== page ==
This is a problem because it’s known that native forests are better carbon sinks than plantations. (And yesterday the Ad Hoc Technical Expert Group of the Convention on Biological Diversity released a paper pointing out that very fact.)

The other major problem for the Kyoto negotiation track is what are referred to as "forward looking baselines" which are still in play. Essentially these allow countries to create an artificial baseline built on future projections of forest management, or logging. So if the logging undertaken was lower than predicted, it would be accounted for as an emission reduction. Hundreds of papers and submissions have been written about the problems with this approach, but it’s pretty clear that it is disconnected from the reality of emissions reductions.

The clean development mechanism is another crucial part of the Kyoto Protocol that allows industrialised countries to offset their emissions by investing in projects that supposedly reduce emissions in developing countries. Australia has been pushing hard to get carbon capture and storage included as part of the CDM (despite serious doubts that it will live up to the hopes that some are placing on it), and this effort seems to be paying off for the Australian delegation.

The possible options for carbon capture and storage as presented in the draft text include: making it eligible for the CDM; not making it eligible; or passing the responsibility for that decision onto the Subsidiary Body for Scientific and Technological Advice (a scientific advisory body under the UNFCCC). No one seems to want to take responsibility for this decision (the CDM executive board had initially handed over responsibility for it to COP), so the third option is probably the most likely. Meanwhile, the question of nuclear power is in the same position.

Over the weekend informal negotiations were held between countries trying to reach an agreement on whether to adopt the negotiating texts. The usual divisions have emerged between developed and developing countries, particularly regarding the Kyoto Protocol. India, the United States and the European Union have criticised both texts. For its part, Australia has consistently argued that developing countries must also make emissions reduction commitments, as without them it says that a meaningful agreement to reach a stabilisation of atmospheric carbon at 450 parts per million is impossible.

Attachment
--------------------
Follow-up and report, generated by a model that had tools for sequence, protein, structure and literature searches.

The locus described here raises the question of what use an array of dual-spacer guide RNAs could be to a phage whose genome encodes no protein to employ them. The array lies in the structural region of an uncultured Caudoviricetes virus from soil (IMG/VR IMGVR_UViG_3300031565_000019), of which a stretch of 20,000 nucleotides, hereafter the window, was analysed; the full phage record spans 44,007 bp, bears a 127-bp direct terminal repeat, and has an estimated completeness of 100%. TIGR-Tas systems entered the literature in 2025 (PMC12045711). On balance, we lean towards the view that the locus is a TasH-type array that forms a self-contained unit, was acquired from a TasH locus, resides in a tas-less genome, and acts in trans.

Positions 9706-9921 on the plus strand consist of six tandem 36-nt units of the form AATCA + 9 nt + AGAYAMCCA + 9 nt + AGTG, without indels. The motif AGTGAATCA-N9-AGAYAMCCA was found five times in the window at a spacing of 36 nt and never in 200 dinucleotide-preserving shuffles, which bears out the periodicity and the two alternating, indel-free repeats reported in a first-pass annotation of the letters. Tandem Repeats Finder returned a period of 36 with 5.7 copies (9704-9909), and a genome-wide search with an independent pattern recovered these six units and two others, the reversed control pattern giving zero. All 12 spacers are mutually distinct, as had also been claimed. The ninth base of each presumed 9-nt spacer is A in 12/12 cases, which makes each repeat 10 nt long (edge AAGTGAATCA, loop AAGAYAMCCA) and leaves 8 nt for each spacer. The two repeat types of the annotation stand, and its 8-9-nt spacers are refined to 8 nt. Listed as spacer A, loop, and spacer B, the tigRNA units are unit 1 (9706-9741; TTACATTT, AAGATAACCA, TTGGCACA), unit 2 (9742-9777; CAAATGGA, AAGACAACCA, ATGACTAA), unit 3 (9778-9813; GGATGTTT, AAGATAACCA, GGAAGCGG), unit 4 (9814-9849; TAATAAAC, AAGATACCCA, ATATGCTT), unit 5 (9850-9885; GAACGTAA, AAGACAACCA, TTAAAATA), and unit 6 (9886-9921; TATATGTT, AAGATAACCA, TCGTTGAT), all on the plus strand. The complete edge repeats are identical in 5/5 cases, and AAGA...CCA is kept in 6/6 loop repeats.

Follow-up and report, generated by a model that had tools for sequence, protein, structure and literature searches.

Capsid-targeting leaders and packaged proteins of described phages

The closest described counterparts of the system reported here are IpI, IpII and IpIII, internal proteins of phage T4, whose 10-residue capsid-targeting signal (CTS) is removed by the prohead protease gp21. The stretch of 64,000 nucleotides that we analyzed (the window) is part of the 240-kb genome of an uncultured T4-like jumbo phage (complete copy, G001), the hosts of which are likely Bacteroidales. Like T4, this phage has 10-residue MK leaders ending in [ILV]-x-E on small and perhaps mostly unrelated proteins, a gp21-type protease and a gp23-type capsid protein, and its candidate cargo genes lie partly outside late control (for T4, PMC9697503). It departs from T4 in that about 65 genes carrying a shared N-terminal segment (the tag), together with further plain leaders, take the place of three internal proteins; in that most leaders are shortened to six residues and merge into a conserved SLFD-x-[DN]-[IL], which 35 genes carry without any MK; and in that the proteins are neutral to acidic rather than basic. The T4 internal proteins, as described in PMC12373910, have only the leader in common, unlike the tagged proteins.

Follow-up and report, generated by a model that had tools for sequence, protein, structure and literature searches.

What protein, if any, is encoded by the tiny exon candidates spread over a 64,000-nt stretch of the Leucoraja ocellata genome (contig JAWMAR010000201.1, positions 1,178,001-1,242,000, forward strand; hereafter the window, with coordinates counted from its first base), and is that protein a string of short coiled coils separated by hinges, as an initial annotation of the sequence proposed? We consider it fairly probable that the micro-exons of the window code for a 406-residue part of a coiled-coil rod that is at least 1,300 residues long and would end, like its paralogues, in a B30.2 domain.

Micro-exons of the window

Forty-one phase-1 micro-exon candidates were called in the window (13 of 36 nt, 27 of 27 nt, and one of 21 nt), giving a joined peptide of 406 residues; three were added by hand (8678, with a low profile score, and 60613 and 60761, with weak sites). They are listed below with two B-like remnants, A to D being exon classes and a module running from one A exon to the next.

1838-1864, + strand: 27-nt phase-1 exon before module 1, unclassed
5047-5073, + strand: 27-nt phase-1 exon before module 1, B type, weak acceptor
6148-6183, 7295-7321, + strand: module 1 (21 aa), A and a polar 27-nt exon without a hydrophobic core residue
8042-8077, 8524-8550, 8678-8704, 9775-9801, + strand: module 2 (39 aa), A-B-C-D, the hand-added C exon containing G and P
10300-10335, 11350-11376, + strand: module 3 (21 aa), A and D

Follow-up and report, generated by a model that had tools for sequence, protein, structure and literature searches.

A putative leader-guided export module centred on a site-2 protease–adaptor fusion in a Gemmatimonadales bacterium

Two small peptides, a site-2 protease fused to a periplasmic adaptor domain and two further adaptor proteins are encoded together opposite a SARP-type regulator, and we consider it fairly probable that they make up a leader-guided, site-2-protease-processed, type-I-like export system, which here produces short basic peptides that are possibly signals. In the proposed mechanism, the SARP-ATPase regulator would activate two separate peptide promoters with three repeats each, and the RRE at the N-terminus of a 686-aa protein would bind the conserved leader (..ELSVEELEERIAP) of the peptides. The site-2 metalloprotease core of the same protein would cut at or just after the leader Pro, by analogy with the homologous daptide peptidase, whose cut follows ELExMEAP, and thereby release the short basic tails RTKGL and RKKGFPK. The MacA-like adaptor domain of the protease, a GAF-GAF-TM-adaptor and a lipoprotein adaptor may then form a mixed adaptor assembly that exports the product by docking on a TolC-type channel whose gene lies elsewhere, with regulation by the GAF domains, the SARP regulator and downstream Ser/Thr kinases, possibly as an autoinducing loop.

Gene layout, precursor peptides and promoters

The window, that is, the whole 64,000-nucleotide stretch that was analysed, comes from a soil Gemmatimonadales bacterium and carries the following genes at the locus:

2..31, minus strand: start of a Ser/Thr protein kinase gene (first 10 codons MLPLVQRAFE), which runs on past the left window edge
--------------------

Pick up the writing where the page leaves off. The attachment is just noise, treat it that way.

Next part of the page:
Yesterday the stakes were raised with countries threatening to suspend and walk away from the negotiations. The African Union threatened to disengage from the LCA negotiations entirely, on the basis that the Kyoto Protocol already existed as a successful legal framework and that there was no need to create a new one. In response, developing countries suspended discussions over the Kyoto Protocol, though they were later restarted.

To outsiders it can easily appear as though the negotiations have descended into chaos, particularly with hyped up claims of "mass walkouts". This kind of simplistic analysis ignores that the Kyoto Protocol was originally designed to be a rolling series of commitments to be re-evaluated and redrafted reflecting contemporary circumstances, and that these kind of tactics have been used before, even at this conference.

It is likely that, as the negotiations progress, that deals will be made and countries will moderate their positions. We have already seen this happen with the developed countries re-engaging with the Kyoto Protocol. There are rumours of developed countries upping their emission reduction targets in an attempt to lure the G77 back to the negotiating table, but as shown by the draft texts, the crux of any agreement does not lie in the targets but in the detail surrounding them.

The one thing we can be sure of is a lot of horse trading in the final days of the negotiations over issues like carbon capture and storage and forest management.

Launched in 2004, New Matilda is one of Australia's oldest online independent publications. It's focus is on investigative journalism and analysis, with occasional smart arsery thrown in for reasons of sanity. New Matilda is owned and edited by Walkley Award and Human Rights Award winning journalist Chris Graham.